With a record 45 clinical trials either ongoing or starting up in 2016, research coordinators and principal investigators throughout the Therapeutics Development Network took time out in San Antonio recently to discuss clinical research and put attendees through boot camp.
Hear from John P. Clancy, M.D., the first plenary speaker at this year's NACFC, about recent advances in personalized medicine, which could allow clinicians to better tailor treatment to the individual with CF.
The Foundation hosted a small conference that brought together CF scientists, clinical researchers, and biotechnology and pharmaceutical industry representatives. Learn more and watch a short video of attendees sharing their thoughts about the progress we are making in CF research.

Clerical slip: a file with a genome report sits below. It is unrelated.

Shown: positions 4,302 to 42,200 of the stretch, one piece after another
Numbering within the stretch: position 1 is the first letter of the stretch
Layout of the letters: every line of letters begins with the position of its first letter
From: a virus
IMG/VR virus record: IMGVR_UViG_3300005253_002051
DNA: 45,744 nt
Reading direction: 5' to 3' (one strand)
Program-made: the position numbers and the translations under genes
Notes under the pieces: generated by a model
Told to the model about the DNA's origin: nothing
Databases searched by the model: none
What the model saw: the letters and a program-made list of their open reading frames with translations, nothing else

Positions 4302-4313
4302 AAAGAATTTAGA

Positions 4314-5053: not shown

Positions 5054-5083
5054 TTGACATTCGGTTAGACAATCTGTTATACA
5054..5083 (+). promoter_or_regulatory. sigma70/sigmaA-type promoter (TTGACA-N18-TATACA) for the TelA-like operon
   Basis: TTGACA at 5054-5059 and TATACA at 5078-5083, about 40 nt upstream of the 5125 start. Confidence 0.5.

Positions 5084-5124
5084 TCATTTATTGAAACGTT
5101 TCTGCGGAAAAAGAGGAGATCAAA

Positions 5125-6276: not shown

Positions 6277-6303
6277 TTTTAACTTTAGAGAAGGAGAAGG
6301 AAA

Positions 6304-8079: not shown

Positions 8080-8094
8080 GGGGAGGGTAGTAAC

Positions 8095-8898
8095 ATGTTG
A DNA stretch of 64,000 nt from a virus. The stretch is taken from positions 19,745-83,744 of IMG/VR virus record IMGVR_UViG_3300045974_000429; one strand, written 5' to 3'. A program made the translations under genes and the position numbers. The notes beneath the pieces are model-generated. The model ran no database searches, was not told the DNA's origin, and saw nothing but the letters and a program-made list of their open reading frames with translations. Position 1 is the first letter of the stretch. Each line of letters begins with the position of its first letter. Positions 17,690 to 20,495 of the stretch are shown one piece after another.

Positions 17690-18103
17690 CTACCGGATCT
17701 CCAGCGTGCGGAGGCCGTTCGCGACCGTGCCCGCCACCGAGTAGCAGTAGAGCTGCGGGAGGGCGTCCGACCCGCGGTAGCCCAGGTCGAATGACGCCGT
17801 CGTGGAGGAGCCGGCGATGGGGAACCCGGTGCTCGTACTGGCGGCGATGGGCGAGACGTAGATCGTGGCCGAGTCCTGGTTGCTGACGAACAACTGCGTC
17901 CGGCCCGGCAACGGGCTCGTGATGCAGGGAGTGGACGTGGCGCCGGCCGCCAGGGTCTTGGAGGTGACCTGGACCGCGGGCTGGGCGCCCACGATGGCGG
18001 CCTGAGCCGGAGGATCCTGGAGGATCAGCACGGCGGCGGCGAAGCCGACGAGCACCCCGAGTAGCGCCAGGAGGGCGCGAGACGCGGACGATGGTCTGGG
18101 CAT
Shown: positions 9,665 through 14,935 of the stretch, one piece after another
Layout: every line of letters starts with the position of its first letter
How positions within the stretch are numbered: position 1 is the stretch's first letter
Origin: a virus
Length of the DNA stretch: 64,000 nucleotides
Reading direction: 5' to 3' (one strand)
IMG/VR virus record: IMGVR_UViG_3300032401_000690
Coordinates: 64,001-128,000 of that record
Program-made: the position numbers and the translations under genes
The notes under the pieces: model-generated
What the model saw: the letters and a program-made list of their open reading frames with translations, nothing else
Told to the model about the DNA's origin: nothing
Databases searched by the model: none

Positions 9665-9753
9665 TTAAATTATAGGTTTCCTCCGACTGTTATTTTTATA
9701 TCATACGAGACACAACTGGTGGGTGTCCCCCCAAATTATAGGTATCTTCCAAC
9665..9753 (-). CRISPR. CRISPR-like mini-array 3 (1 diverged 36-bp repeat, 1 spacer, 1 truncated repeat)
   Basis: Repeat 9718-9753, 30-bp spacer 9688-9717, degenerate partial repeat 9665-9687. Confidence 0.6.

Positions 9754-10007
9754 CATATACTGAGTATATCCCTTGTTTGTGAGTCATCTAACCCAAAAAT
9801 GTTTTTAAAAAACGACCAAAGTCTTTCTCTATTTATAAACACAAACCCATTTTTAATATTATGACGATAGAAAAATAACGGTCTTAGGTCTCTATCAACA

PTC Therapeutics has discontinued development of ataluren as a potential treatment for people with cystic fibrosis caused by a nonsense mutation. The Cystic Fibrosis Foundation is supporting efforts to pursue treatments for people with CF who have a nonsense, splicing or other rare mutations.
Dr. Skach discusses the latest advances in CF research and exciting new approaches to address the underlying cause of the disease.
There's a lot of buzz around personalized medicine, but what does it really mean? In the first plenary at NACFC, John P. Clancy, M.D., outlined the history of personalized medicine, where we are now and what the future holds. Read on for a quick recap.
There have never been as many new CF drugs in development as there are today. In the second plenary at NACFC, Dr. George Retsch-Bogart outlined the progress we've made, the road ahead and the changes needed to make it all possible. Read on for my key takeaways.
Although 90-95 percent of people with cystic fibrosis are expected to benefit from CF transmembrane regulator (CFTR) modulators, 5 percent of the population will still need alternative therapies to address the underlying cause of their disease. Learn more about the research that the Cystic Fibrosis Foundation is doing to find treatments for the 5 percent of people with these rare and nonsense mutations.